Asserting Dominance: Do Renewable Developers Have to Accommodate Oil & Gas Surface Use?

Disputes between renewable energy developers and the owners of mineral rights could potentially lead to losses well outside the scope of most title insurance policies. At the very least, these disputes can lead to protracted and expensive litigation, laden with fact-intensive expert testimony, as in the case of Lyle v. Midway Solar, LLC. Our latest Energy Law Update explores the El Paso Court of Appeals' decision on whether to apply the accommodation doctrine in a case involving a solar facility that was constructed by defendants on a 315-acre tract of land in Pecos County, Texas. [Download the article]  
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Travis County District Court Finds that Texas Railroad Commission Lacks Power to Issue Allocation and Production Sharing Well Permits

May 14, 2021 — In Opiela v. Railroad Commission of Texas, No. D-1-GN-20-000099, the 53rd District Court of Travis County, Texas, concluded that the Texas Railroad Commission (“RRC”) violated the Administrative Procedure Act, Tex. Gov’t Code § 2001.001 et seq., by adopting rules for issuing allocation and production sharing well permits.  Further, the court held that the permit applicant, EnerVest (and subsequently Magnolia Oil & Gas), failed to make the requisite showing that it had a good faith claim of right to drill the proposed well under RRC rules. In Opiela, the Plaintiffs objected to an application filed by EnerVest…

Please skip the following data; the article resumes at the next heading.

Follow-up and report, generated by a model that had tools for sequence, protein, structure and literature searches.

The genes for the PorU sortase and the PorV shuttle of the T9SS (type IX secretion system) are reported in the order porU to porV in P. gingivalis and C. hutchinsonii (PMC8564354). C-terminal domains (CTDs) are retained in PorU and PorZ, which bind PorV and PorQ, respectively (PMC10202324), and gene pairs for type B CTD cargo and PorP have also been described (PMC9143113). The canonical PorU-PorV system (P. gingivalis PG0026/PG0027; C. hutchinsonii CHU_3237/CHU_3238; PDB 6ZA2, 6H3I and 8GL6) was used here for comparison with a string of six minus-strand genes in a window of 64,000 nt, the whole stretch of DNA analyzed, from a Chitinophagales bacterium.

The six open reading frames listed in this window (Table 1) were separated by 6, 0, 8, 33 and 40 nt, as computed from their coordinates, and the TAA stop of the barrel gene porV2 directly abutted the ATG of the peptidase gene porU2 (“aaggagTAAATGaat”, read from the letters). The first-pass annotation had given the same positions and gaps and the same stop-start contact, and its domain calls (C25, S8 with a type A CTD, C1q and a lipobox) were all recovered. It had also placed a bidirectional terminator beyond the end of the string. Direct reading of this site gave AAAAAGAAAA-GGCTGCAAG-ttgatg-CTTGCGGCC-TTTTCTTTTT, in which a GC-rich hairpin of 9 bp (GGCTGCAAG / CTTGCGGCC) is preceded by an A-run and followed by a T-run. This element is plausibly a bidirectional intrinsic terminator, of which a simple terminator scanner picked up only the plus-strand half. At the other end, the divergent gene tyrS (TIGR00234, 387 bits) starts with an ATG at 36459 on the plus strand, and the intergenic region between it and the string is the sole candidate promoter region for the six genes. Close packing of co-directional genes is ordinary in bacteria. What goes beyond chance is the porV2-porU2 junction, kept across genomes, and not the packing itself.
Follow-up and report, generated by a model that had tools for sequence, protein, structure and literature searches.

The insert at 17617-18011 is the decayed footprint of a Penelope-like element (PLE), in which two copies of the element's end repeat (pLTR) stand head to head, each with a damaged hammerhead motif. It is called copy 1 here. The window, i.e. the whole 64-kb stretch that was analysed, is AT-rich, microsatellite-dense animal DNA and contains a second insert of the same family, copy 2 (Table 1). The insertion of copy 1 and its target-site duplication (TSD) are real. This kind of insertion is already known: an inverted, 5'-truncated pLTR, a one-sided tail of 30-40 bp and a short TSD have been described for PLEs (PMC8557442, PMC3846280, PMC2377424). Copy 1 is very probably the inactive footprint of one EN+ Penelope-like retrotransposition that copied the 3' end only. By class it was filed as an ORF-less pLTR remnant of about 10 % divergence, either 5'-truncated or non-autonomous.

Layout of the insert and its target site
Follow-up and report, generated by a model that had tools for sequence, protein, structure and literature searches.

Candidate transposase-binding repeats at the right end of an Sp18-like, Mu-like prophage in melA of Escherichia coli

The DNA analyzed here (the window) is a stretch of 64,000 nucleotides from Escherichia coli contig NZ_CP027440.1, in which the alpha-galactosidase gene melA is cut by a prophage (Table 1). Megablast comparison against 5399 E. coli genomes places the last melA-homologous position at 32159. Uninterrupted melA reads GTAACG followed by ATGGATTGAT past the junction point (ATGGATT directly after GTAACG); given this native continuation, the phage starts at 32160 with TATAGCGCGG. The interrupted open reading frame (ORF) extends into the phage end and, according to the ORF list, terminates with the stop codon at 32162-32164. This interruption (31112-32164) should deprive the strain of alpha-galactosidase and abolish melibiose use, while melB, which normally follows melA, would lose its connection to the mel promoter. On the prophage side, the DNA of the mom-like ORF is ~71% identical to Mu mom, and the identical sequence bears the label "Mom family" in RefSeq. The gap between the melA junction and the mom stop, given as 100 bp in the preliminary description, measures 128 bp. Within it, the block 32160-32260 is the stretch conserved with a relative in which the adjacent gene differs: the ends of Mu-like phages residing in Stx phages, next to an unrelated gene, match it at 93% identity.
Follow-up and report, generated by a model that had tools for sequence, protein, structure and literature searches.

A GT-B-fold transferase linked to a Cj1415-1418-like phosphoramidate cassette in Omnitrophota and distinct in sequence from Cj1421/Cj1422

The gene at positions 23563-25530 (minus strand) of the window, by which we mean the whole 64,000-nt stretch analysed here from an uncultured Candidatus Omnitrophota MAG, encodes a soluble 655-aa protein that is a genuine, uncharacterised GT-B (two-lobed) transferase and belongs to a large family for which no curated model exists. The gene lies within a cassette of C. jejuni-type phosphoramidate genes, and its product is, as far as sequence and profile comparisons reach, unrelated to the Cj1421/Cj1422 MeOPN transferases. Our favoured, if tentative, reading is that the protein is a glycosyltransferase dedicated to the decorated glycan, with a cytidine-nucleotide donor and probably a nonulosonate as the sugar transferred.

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Conveying Future Interests: What You Don’t Say Is As Important As What You Do Say

May 14, 2021 — In Parker v. Jordan,[1] the El Paso Court of Appeals interpreted a 1998 warranty deed to determine the extent of the interests conveyed by the deed.  The deed, which claimed to convey all right, title and interest, was silent on whether it also conveyed a remainder interest that was owned by the grantor.  Ultimately, the Court held that because the remainder interest was a vested future interest and not a present interest, the remainder interest could not be conveyed without clear and express language in the deed.  Thus, because the deed was silent as to the…
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